Want my job? with actress, model and reporter Gemma Gordon

"Don’t feel like you have to go to university or college if you would rather start working right away. Really understand what you are naturally good at and genuinely interested in, and follow that path."

Want my job? with actress, model and reporter Gemma Gordon

Could you first introduce yourself to the reader?

I am an actor, model, and reporter based in London.  

What does your job involve? What happens on a typical day?

A typical day for me is researching and finding events and people with stories in the creative industry to interview. This is my work with FABUK TV, a fashion & film platform who have recently appointed me as their entertainment reporter. This can range from film festivals such as BFI London Film Festival to award ceremonies and fashion shows. However, if I have an audition, that takes priority and start working on the material right away due to the quick turnaround required. 

What’s great about what you do?

I love the relationship-building aspect of it. I meet new people at every event and it’s so inspiring to hear their stories, as usually, they’re not from London!

What are the toughest parts of your job? 

Sometimes the last-minute nature of things can be a bit stressful. However, you can fix that by just being well-organised. Also, people in the creative industry always understand when last-minute things come up!

What are the highlights of your career to date?

The highlight of my career to date would be interviewing Bill Nighy on the red carpet ahead of the release of his new film ‘Living’. Also, appearing in an OLAY commercial. 

What's been the biggest challenge so far in your career? How did you overcome it?

The biggest challenge in my career and I guess in most actors’ careers, is rejection. When you’ve set your heart on a special part, and not getting it, it’s tough. The only way to overcome rejection is not to take it too personally and remember the struggles that even the greatest performers have experienced before their breakthrough. I have never given up and have carried on going for auditions. Even if you don’t get the part, you might make connections, and offers might appear just out of the blue. For example, when I auditioned for 'Bar Fight',  an interactive game/film that will be released on STEAM (a gaming platform) in 2023 - I was initially up for a completely different role.

What was your career path into this job? Have you also worked outside the arts?

I studied at The New York Conservatory for Dramatic Arts and whilst there, interned with casting directors, modelling agencies and did personal assistant work for an actor's one-woman show. I learned all aspects of the industry whilst studying, and not only techniques in front of the camera. Upon returning to the UK, I worked as a runner on a UK TV series and gained work experience in production offices. I followed the opportunities where they came up and ended up booking more acting and presenting work, so pursued a path in front of the camera. I now have a flexible job as well, where I recruit allied health professionals for the NHS. This fits in very well with my creative career and gives me a steady income.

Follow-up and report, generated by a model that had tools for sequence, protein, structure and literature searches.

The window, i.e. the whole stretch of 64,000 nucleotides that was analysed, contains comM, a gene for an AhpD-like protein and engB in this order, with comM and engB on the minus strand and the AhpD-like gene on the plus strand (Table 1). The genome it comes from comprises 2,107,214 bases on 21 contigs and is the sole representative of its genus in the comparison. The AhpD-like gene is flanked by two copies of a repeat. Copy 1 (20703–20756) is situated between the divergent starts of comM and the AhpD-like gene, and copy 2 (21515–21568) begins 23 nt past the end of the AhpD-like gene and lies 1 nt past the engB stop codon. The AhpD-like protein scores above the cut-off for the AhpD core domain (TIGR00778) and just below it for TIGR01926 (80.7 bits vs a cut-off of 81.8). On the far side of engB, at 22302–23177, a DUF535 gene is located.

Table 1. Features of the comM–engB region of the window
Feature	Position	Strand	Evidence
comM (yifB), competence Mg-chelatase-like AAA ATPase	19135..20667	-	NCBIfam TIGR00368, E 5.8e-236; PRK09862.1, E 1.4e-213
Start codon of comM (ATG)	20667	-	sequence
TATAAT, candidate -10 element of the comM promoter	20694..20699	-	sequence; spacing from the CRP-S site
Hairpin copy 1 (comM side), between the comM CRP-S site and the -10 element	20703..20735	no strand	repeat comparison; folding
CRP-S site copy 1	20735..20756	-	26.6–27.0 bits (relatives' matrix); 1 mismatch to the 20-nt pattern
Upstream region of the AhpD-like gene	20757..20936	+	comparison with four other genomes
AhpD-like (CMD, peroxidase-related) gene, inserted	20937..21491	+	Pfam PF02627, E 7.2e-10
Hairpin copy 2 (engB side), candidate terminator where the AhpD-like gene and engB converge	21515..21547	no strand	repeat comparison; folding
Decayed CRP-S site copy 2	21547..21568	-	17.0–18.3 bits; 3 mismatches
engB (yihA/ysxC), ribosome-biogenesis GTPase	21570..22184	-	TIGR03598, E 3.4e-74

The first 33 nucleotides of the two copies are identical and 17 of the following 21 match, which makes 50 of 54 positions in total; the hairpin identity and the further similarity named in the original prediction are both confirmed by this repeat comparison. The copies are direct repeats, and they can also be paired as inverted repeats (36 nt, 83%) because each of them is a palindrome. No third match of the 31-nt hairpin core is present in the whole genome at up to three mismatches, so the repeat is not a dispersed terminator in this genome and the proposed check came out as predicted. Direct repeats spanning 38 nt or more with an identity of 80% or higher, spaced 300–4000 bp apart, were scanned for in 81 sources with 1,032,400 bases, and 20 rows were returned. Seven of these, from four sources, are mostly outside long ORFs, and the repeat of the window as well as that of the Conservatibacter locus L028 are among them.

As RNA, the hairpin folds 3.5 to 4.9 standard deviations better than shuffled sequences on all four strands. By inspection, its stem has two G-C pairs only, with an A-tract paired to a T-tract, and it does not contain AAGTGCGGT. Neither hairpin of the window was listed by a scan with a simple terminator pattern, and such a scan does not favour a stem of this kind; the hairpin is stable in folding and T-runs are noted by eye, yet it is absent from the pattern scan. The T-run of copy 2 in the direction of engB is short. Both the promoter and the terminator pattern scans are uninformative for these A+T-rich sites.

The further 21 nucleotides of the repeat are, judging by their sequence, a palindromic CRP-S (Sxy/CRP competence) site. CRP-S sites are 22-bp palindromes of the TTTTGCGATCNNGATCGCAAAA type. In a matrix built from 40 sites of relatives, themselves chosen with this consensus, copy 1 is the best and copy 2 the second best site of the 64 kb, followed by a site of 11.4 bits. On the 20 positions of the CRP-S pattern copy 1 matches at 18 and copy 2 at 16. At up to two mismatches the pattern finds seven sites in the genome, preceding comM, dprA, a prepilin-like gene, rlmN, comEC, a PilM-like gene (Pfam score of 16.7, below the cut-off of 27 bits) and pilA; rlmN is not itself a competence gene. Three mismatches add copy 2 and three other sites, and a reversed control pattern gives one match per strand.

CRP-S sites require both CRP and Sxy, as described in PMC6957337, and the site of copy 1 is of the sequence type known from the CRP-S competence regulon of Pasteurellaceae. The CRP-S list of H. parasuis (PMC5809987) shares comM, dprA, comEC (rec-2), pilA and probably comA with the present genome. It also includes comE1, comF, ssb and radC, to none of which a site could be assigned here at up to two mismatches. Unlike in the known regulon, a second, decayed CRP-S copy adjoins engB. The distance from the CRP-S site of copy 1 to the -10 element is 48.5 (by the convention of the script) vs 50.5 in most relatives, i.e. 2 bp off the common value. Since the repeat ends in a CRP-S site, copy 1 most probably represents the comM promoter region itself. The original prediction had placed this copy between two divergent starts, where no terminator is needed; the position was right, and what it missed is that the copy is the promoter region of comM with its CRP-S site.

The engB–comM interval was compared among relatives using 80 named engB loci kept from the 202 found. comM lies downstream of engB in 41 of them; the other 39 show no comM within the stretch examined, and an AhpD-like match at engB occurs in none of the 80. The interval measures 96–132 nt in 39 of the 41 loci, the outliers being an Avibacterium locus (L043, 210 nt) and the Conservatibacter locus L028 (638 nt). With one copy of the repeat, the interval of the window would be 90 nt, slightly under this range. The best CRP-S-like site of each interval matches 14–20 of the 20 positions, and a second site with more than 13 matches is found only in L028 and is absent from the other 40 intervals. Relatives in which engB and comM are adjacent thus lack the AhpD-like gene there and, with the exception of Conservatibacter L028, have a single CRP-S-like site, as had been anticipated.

Have you noticed any changes in the industry in recent times? If so, what?

I have noticed that we are almost 95% self-taping as talent now. That means, instead of going for a live audition, you make your own tape following the brief and send it in.  This is great, as it means you can have more control over your audition. 

How has your background, upbringing, and education had an impact on your artistic career? 

My mother is a piano teacher and my father is a rural dean, so I definitely received my creative genes from my mum. I have never been very academic but excelled in creative subjects. I decided the best thing for me to do in life is choose something that interests me, work very hard at it and be consistent. 

You’ve been granted the ability to send a message to 16-year-old you. What do you say?

Don’t feel like you have to go to university or college if you would rather start working right away. Really understand what you are naturally good at and genuinely interested in, and follow that path.

Do you have any advice for young people interested in your field?

Make connections and don’t be afraid of looking silly or making mistakes. Every piece of work leads to something else – even if you don’t realise it at the time.

Where can people find you and your work online? 

Instagram: @gemmaegordon would be the best platform to review my work! 

Header Image Credit: Charlotte Ellis PR

Author

Saskia Calliste

Saskia Calliste Voice Team

Saskia is the Deputy Editor of Voice and has worked on campaigns such as International Women’s Day, Black History Month, and Anti-Bullying Week. Outside of Voice, Saskia is a published author (Hairvolution) and has guest featured in various other publications (The Women Writers’ Handbook/ Cosmopolitan/ The Highlight). She has a BA in Creative Writing and Journalism and an MA in Publishing. She is a mentor for Women of the World Global, has guest lectured at the University of Roehampton and has led seminars/panel talks on Race, Equality and Diversity. She was a 2022 Guest Judge for Dave (TV Channel) in search of the 'Joke of the Fringe'. She is 27-years-old, based in London, and loves to cook and explore new places in her spare time.

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